I am always struck by the beauty of simple food. With chefs constantly learning and experimenting there is still something strangely appealing about an old classic. Don't get me wrong, I am always keen to hear about a new cooking technique or admire a dish that is plated up in a way I haven't seen before, but honest cooking with quality ingredients is a style that I always enjoy most. With this in mind I got my hands on some beautiful mushrooms and went to work.
Stuff you'll need to feed 2:
- About 250g - 300g of mixed wild mushrooms (I used porcini, king oyster, shiitake and enoki. Feel free to use what you like but please don't try this dish with just button mushrooms. I'm telling you know it will be average.) Keep the smaller ones whole and try not to cut any of them to much. I like the rustic nature of bigger chunks of 'shroom.
- About a quarter of a cup of water
- About 3 tablespoons of the best balsamic vinegar you can find
- 2 cloves of garlic, finely sliced
- A handful of chives, finely chopped
- A tablespoon of thyme (dried is fine)
- 2 - 4 soft boiled eggs, peeled. (Boiling an egg to perfection is actually quite difficult and depends widely on the stove but as a guideline do this: Bring a pot of water to the boil and reduce the heat to a simmer. Cook the eggs for 4-5 minutes and remove from water to allow to cool. That should get you close. Obviously the way you like your eggs will dictate times so just play around a bit.)
Okay, what to do:
1. In a little olive oil fry off the garlic for about a minute. Do not let it brown though. Just cook gently.
2. Add the mushrooms and thyme and cook for about a minute. Add the water, the balsamic and season generously.
3. Increase the heat and cook for about 8minutes or until your balsamic has reduced to a gorgeous thick sauce.
To serve, spoon the mushrooms onto your favourite toasted bread. (I'm a big fan of a sourdough/rye combo). Add either one or two soft boiled eggs onto the mushrooms and break open to allow the yoke to run into the mushrooms. Garnish with chopped chives. I served mine with some tomatoes roasted on the vine. A nice touch yes?
The key to this dish (obviously) is the quality of produce. With something this simple you need the best. If you can find that, you have got a winner. I know a lot of you will want to fry the mushrooms in butter but do you know what I want...I want you drop and give me 20. The butter is unnecessary. Now go run somewhere.
Nice to see someone cook eggs to that still runny stage.. looks awesome.. am now seriously hungry again...
I definitely want that for breakfast tomorrow
Nice food styling on that shot and looks delicious
I am sorry old fruit but i can no longer abide such limp-wristed calorie counting.
Cooking good food simply cannot be reduced to the barest amount of ingredients possible, in order to attain kilojule-reduced nirvana.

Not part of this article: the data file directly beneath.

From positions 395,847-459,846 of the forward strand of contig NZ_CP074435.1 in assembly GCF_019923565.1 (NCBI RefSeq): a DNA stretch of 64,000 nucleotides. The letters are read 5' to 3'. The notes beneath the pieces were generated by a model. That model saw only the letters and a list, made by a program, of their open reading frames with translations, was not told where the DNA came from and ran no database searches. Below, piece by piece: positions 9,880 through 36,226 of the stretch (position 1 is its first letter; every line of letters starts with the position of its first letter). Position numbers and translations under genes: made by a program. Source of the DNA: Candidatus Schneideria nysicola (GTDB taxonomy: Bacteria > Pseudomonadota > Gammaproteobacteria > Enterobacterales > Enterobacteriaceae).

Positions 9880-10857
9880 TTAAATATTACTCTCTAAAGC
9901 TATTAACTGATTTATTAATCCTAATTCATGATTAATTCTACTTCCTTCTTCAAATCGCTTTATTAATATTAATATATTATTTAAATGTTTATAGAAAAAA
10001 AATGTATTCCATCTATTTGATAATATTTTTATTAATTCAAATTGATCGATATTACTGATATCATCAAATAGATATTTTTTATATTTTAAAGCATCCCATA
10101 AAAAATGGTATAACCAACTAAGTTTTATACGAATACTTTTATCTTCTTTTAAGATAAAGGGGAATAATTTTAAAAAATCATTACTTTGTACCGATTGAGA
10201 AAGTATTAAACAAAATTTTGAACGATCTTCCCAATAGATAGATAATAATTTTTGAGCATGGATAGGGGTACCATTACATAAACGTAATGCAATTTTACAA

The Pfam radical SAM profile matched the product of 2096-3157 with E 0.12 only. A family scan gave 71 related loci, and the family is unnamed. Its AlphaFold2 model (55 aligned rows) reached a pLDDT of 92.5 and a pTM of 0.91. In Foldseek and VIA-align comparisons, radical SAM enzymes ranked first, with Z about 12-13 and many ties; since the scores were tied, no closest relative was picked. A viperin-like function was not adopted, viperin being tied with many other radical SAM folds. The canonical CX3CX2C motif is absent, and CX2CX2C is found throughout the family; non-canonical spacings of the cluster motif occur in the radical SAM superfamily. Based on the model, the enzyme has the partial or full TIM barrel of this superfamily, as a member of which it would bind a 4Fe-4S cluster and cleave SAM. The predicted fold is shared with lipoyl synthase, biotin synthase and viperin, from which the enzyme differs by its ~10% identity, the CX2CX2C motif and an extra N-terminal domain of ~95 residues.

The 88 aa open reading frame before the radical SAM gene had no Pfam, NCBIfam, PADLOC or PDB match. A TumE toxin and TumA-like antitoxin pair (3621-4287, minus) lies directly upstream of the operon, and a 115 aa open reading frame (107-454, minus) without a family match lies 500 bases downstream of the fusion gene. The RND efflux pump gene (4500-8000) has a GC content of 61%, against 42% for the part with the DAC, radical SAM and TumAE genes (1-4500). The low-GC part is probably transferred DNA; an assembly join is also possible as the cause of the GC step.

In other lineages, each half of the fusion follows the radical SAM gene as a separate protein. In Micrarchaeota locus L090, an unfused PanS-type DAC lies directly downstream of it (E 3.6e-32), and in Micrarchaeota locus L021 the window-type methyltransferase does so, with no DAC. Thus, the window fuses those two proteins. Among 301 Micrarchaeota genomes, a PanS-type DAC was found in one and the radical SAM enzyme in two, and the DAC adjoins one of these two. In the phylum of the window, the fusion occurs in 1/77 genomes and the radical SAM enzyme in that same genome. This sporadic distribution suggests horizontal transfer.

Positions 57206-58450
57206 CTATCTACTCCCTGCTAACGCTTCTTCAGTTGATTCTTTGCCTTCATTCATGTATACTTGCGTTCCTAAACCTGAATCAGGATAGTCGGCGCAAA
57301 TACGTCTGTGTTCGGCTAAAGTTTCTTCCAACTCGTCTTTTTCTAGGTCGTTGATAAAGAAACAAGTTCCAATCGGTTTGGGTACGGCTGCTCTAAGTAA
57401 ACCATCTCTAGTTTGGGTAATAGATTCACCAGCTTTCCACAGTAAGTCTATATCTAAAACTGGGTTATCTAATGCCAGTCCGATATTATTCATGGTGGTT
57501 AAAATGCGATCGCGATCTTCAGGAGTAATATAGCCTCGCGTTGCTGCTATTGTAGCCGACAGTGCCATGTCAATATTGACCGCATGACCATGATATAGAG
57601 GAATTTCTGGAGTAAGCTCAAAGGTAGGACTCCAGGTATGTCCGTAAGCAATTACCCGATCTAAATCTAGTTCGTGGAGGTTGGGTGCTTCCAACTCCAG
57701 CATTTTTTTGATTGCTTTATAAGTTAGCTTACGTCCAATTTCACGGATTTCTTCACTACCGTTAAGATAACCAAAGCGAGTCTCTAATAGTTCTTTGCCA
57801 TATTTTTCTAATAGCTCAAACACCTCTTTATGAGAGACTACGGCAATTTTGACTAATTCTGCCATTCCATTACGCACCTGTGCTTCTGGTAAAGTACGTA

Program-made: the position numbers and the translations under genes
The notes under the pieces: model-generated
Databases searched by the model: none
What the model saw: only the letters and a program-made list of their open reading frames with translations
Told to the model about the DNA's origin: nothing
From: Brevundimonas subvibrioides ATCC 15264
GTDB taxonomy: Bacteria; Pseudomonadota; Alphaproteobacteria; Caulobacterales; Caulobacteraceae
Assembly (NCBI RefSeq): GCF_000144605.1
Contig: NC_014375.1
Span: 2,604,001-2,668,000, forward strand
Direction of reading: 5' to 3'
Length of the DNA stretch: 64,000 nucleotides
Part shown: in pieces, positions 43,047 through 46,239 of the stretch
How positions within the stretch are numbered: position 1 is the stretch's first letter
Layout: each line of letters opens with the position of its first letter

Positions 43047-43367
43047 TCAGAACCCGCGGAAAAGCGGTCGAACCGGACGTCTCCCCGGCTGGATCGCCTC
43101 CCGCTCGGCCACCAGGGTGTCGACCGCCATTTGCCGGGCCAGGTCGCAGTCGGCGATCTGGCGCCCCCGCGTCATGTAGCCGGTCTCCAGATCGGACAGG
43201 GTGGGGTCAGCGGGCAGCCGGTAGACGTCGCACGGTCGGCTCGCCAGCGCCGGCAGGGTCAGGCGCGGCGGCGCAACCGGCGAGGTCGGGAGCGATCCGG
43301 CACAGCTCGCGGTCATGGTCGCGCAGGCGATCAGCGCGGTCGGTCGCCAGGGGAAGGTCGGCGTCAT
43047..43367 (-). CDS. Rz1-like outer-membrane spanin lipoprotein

Now I am not saying that a full 500g of butter is required for every dish one cooks, but get a life man!
Butter is sheer heaven, it would make even some of the rabbit food you extol edible. Ditto mayonaise!
I know, I know, you can stop squeeling. I should be run on the treadmill by some or other tanned Gym Nazi until I die, but I cannot live the lie any longer.
A good deli Sambo on rye without mayo and wholegrain is like Cape Town without the Mountain: you could survive it but what the hell would you talk about afterwards?!
I dare you to give it a try. You can always go for a long, shameful run AND a gym session afterwards, even a tactical vomay...it would still be worth it.
FYI, the balsamic, I find, tends to overpower much of the flavour of the delectable droppings of the gods.
A knob (or three) of butter, a dash of olive oil, garlic and hey presto! Finish off with a squeeze of lemon juice and some italian flat leaf. I may not have the six pack you clearly aspire to, but at least my taste buds still love me.
Noodle, I can't lie I enjoy your writing but I think we need to sort something out. I never deprive myself of anything that I crave. Life is way too short. The point of this site is that healthy food doesn't need to be boring and that there are plenty of healthy substitutes for other fatty, calorie-laden shit. I make no excuses for taking care of my body and being proud of the fact that it looks good.
I am 100% with you that you need to experience the joys of a Massimo's pizza or a a perfect burger cooked over flaming coals. My point is simply that I won't do it every day. I will do it when I think I've earned it.
I promise you if you think you have the key to enjoying life go for a trail run in the mountains before the next deli sandwich. It will taste that much better.
Where did you find those mushrooms? Or rather, where can I get them? :)
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